Ian Thomas Malone is an author and a yogi from Greenwich, CT. He is a graduate of Boston College, where he founded The Rock at Boston College. He is the grandson of noted Sherlockian scholar Colonel John Linsenmeyer. Ian has published thousands of articles on diverse subjects such as popular culture, baseball, and social commentary. His favorite things to post on social media are pictures of his golden retriever Georgie and his collection of stuffed animals.
Ian believes firmly that “there’s more to life than books you know, but not much more,” a quote from his hero Morrissey. When he’s not reading, writing, or teaching yoga, he can probably be found in a pool playing water polo. He aspires to move to the Hundred Acre Wood someday, though he hopes it has wi-fi by then.
When did you first realize that you wanted to be a writer/ a storyteller?
I always had an interest in telling stories. I used to draw comics when I was little. My drawing abilities failed to progress past a kindergarten level, but I stuck with the story element. I’ve been writing articles since I was eleven. My interests have always been eclectic and I found the internet was the best place for me to share thoughts on topics that my peers weren’t interested in.
What inspires you to write?
I’m inspired by ideas that claw at me nonstop. I get many ideas, most of which get tossed out, but the ones that refuse to go away are the ones that inspire me.
How did you come up with the idea for your current story?
I’ve always been very interested in the 60s psychedelic movement. People tend to forget that Jack Nicholson started off with films like Easy Rider, The Trip, and Psych-Out. LSD has always been more mainstream that people realize. It was a fun topic to write about.
Are there some stories tucked away in some drawer that was written before and never saw the light of the day?
Probably some comics I mentioned earlier! I have a couple unfinished short stories that will get finished eventually and a poetry collection that isn’t ready yet.
Tell us about your writing process.
It’s chaotic. I tend to let ideas develop in my head for months (sometimes years) at a time before I starting them. There’s always few slow cooking at a time. I like to finish first drafts in about a month. Lots of tea and not a lot of sleep.
What is your favorite scene in the book? Why?
There’s a scene where the narrator and James are struggling to get an automatic faucet to turn on in the bathroom. Those faucets can be a pain even if you’re not tripping!
Did any of your characters inherit some of your own quirks?
The narrator and I both enjoy stuffed animals!
What is your most interesting writing quirk?
I can’t write without tea, coffee, or seltzer on my desk. I don’t need to drink it, but it needs to be there. I work around this though. If I’ve had too much, I brew cheaper tea.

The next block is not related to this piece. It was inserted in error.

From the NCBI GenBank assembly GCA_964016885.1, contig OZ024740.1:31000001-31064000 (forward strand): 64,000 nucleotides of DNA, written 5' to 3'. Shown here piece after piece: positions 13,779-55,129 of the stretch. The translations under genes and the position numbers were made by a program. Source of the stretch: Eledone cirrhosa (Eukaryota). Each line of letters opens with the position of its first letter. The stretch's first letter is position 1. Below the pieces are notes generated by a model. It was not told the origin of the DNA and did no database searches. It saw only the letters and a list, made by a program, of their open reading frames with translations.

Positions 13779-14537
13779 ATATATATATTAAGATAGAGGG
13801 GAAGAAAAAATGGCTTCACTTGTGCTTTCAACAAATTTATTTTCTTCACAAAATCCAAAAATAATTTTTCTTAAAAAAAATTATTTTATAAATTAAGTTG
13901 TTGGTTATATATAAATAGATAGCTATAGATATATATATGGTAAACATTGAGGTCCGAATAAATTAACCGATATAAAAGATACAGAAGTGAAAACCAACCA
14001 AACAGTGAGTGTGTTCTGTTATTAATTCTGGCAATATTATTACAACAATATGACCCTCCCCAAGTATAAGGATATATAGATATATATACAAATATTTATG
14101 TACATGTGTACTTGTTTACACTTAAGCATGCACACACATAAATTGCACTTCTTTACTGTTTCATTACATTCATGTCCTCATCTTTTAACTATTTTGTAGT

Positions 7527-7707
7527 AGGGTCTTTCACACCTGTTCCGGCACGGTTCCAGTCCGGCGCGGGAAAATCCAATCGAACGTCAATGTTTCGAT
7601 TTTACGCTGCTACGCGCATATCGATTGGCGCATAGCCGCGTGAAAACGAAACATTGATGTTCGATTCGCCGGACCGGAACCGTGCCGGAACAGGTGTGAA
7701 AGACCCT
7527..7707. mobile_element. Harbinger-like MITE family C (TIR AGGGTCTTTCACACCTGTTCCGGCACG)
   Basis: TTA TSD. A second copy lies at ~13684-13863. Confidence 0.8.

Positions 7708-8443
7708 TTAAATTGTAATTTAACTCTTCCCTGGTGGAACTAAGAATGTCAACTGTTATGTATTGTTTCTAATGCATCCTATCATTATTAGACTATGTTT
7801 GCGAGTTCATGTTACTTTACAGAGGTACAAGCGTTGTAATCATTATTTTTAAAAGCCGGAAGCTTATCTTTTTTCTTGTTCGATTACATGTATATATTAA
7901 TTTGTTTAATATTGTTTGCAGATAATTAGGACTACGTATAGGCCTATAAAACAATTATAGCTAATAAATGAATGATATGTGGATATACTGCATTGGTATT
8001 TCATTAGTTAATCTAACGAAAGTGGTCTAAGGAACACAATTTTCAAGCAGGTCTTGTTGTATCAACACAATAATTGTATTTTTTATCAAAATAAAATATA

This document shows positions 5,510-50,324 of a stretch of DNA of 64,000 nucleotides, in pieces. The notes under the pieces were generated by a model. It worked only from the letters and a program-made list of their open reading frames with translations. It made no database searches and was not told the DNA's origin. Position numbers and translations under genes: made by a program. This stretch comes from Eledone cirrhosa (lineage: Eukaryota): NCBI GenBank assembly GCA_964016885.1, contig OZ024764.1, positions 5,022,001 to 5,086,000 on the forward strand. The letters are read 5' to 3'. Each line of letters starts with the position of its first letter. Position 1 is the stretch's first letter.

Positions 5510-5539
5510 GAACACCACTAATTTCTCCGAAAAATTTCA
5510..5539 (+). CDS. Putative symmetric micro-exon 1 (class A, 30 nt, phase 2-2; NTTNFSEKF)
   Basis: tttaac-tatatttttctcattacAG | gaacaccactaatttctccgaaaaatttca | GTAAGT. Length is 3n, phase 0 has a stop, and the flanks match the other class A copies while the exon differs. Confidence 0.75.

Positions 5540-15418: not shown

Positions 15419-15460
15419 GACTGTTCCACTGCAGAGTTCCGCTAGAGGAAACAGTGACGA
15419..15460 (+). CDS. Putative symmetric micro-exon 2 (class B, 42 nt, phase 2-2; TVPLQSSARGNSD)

Do you read? Who are your favourite authors and how have they influenced your writing style?
Of course I read. Vonnegut and Faulkner are my two biggest influences. I love what they do with the form and how they were never afraid to break the rules. Both also had excellent moustaches. Probably not a coincidence.
What is the best piece of advice you would give to someone that wants to get into writing?
Rejection is rarely personal. Agents/publishers typically have very specific needs and if your work isn’t a fit, you probably won’t get considered. Never let it affect your writing!
What would be the Dream Cast for you book if it was to be turned into a movie?
Narrator would be played by me, Charles by David Bowie, and James by Edward James Olmos.
How do you spend your free time? Do you have a favorite place to go and unwind?
I love read, swim, and practice yoga. My favorite place to unwind is any bookstore I can find. Being around books is comforting.
Can you share with us something off your bucket list?
I’d love to travel to Pune, India and study at the Iyengar Yoga Institute. B.K.S. Iyengar is a tremdous influence on my philosophy. I was very sad when he died last year.
What do you have in store next for your readers?
My next book is actually out in a month! It’s the sequel to Five College Dialogues, appropriately titled Five More College Dialogues. I’m in the middle of editing a new novel and hope to have lots of fun stuff on the horizon for my readers.
College life can be tough...
For a junior pursuing a degree in English with no plans for his future, living in the present is far better than the alternative.
One morning he wakes up and embarks on an acid trip to the Boston Museum of Fine Arts with two of his friends.
A step outside reality might be the best way to come back down to earth...
Along the way, the three friends discover what matters most to them, and more importantly, that life is not so much about answers as it is about the exploration of the questions.
When the real world doesn't quite cut it, take a journey down the rabbit hole